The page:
WASHINGTON — Alberta’s new premier began her campaign to rehabilitate the reputation of her province’s oilsands in the United States, where it was battered by the debate over the Keystone XL pipeline.
Rachel Notley walked a Washington audience through the climate-change measures taken by her new NDP government; she also described her province as home to nature-lovers who care about the environment and being good global citizens.
“I’m sure you’ve heard a lot about our province, especially the oilsands,” Notley told an audience at Johns Hopkins University.
“Quite frankly, it is possible some of it might not have been very positive. But I am proud to say that over the course of the last year, since my government has been in office, Alberta’s environmental reputation has started to change. And, I believe, change for the better.”
Related reading: What we learned from Keystone XL
Opposition to the oilsands grew during the years-long Keystone debate, as it went from relative anonymity among the general U.S. public to becoming protesters’ preferred poster child for the high-carbon economy. Notley said previous Conservative governments in Ottawa and Edmonton didn’t help matters by foot-dragging on the climate file.
In an interview, she explained that the goal for her three-day U.S. visit was to start changing perceptions.
She told audiences about her NDP government’s $30-a-tonne carbon tax, her plan to phase out coal, and the 100 million-tonne cap on oilsands emissions that she said is one-third of some previous long-term emissions projections and said that will force the industry to innovate if it wants to grow.
There’s one point she didn’t emphasize: that neither Alberta’s efforts, nor the federal government’s, would currently allow Canada to meet its emissions targets.
Alberta’s emissions would not actually decline under her plan — just grow slower than previously projected.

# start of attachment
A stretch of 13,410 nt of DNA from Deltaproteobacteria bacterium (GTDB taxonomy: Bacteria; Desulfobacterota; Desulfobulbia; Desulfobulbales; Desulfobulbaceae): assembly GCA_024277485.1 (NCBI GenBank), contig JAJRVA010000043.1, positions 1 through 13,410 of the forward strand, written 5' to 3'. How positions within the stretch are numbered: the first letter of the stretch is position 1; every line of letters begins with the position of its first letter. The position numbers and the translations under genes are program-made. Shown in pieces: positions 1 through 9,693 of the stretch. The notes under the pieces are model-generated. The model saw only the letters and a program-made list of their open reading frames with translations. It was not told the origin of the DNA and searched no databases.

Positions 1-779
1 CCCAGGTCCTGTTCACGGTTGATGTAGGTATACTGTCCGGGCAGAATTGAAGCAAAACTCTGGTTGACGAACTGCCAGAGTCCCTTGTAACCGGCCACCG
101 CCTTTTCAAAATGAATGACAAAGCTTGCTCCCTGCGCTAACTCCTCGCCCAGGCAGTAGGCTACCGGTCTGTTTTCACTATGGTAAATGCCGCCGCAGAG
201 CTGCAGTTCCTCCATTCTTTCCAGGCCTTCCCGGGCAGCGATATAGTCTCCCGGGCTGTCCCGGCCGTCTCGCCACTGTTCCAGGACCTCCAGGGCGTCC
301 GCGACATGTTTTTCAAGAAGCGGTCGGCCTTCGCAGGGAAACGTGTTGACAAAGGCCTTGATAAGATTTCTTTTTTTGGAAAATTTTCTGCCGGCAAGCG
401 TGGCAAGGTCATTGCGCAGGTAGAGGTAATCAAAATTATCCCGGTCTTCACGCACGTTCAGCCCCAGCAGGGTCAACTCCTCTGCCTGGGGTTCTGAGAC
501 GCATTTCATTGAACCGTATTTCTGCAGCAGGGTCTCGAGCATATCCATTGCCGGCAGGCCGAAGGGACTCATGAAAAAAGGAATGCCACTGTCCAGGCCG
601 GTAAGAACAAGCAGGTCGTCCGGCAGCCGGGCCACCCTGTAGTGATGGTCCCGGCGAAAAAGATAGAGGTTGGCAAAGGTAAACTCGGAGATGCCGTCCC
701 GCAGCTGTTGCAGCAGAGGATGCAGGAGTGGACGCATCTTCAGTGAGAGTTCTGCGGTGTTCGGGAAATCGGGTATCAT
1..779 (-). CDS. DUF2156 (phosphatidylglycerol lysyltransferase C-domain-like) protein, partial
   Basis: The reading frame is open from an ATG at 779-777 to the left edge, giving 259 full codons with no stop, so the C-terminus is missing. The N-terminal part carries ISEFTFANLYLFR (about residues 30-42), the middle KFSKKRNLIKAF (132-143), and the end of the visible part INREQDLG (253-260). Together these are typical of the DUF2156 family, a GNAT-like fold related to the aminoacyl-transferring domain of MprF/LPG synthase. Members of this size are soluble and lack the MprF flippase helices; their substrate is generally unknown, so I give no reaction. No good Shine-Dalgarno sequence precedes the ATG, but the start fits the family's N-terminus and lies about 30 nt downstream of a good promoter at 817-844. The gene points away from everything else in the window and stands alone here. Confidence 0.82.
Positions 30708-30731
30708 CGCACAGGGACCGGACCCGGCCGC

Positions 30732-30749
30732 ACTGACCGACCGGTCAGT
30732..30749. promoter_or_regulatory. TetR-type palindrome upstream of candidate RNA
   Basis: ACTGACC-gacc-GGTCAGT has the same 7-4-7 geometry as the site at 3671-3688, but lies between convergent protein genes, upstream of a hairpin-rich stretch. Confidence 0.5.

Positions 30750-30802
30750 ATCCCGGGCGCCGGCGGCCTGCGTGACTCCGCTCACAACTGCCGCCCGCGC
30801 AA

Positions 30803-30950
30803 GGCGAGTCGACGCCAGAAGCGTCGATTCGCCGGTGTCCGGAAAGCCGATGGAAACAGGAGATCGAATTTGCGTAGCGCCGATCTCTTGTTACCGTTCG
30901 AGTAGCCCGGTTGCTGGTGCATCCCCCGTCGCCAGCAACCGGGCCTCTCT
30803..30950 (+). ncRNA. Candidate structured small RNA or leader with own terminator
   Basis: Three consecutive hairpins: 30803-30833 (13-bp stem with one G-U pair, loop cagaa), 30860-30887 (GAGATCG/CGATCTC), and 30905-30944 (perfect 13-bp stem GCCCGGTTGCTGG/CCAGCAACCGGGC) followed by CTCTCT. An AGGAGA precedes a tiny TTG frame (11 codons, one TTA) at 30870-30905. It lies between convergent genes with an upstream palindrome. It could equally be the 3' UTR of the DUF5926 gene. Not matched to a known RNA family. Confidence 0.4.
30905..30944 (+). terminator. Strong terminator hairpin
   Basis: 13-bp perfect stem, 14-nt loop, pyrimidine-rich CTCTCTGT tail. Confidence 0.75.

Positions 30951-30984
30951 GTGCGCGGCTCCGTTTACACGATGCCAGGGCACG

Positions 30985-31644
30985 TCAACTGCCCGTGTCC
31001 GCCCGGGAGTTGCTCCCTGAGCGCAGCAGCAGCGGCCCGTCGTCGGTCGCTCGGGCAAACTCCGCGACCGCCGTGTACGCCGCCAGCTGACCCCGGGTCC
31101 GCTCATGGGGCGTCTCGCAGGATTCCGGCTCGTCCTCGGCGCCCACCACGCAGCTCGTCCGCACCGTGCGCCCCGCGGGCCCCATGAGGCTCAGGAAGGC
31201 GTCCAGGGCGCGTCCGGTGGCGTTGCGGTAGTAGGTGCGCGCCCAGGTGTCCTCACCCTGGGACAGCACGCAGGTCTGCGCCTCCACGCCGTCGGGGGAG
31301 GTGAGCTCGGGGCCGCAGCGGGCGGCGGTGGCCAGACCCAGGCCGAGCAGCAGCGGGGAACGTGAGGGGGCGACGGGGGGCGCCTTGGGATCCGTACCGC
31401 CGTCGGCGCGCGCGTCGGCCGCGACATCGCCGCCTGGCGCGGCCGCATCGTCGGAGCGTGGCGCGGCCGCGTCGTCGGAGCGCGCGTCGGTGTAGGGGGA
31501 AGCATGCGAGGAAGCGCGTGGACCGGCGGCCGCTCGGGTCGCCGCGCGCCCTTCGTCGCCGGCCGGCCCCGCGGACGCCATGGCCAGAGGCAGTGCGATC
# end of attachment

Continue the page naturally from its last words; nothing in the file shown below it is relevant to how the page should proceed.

The premier said she knows perceptions won’t change overnight.
Related reading: The death of the Alberta dream
She’s meeting with a White House environmental official; the head of the Center for American Progress, a prominent progressive think tank that opposed Keystone XL; and the Republican head of the Senate energy committee.
“If I leave here with people going, ‘Oh, isn’t Alberta doing something that maybe we should take a look at, maybe even learn from, and they’re kind of doing the right stuff now,’ then that’s a win,” she said in an interview Thursday.
“I think we have an important, important story to tell. And it’s not just a story. That’s the new thing. It’s real. We have significant action we’re taking on climate change.”
She stressed how important the oil industry to her province’s economy. She told the Johns Hopkins audience that it’s responsible for one-sixth of Alberta jobs.
Notley did not use her trip, however, to promote future oil pipelines.
She was asked whether she hoped her efforts would help gain approval for some future version of Keystone XL. She said that’s not her focus now.
The issue could resurface after the current U.S. presidential election.
Both Republican candidates support the pipeline cancelled by President Barack Obama. The Democrats both oppose it.
“I’m not a big fan of hypothetical questions,” she told The Canadian Press.
Asked about the pipeline debates back home, she said she has no interest in letting them strain national unity.
Notley said she intends to have a respectful conversation based on the facts, allowing both sides of the issue to feel like they’ve been heard.
Ongoing pipeline proposals have caused tension with neighbouring B.C., become a hot topic for the Parti Quebecois and prompted Saskatchewan’s premier to express annoyance with Quebec.
Notley said she’ll avoid finger-pointing.
“Canada is a collection of provinces. Historically some people play that feature off against one another. I don’t think that’s typically resulted in progress,” she said.
“It is not in any way, shape or form the appropriate frame for this conversation. And we’re not going to do that with it.”
The National Energy Board has just announced that a review into the biggest of the ongoing pipeline projects, TransCanada’s Energy East, should be completed by March 2018 after consultations with communities along the route; amid vocal opposition in Quebec, the provincial government there has agreed to conduct a separate review.
Notley said the conversation should be based on facts — about safety, the environment, and the economy. And she said people’s concerns should be heard.
“Those communities have a right to ask those questions. We’re not going to question their right — or fight with them over their right. That doesn’t help engage in conversation — suggesting they’re not allowed to have it,” she said.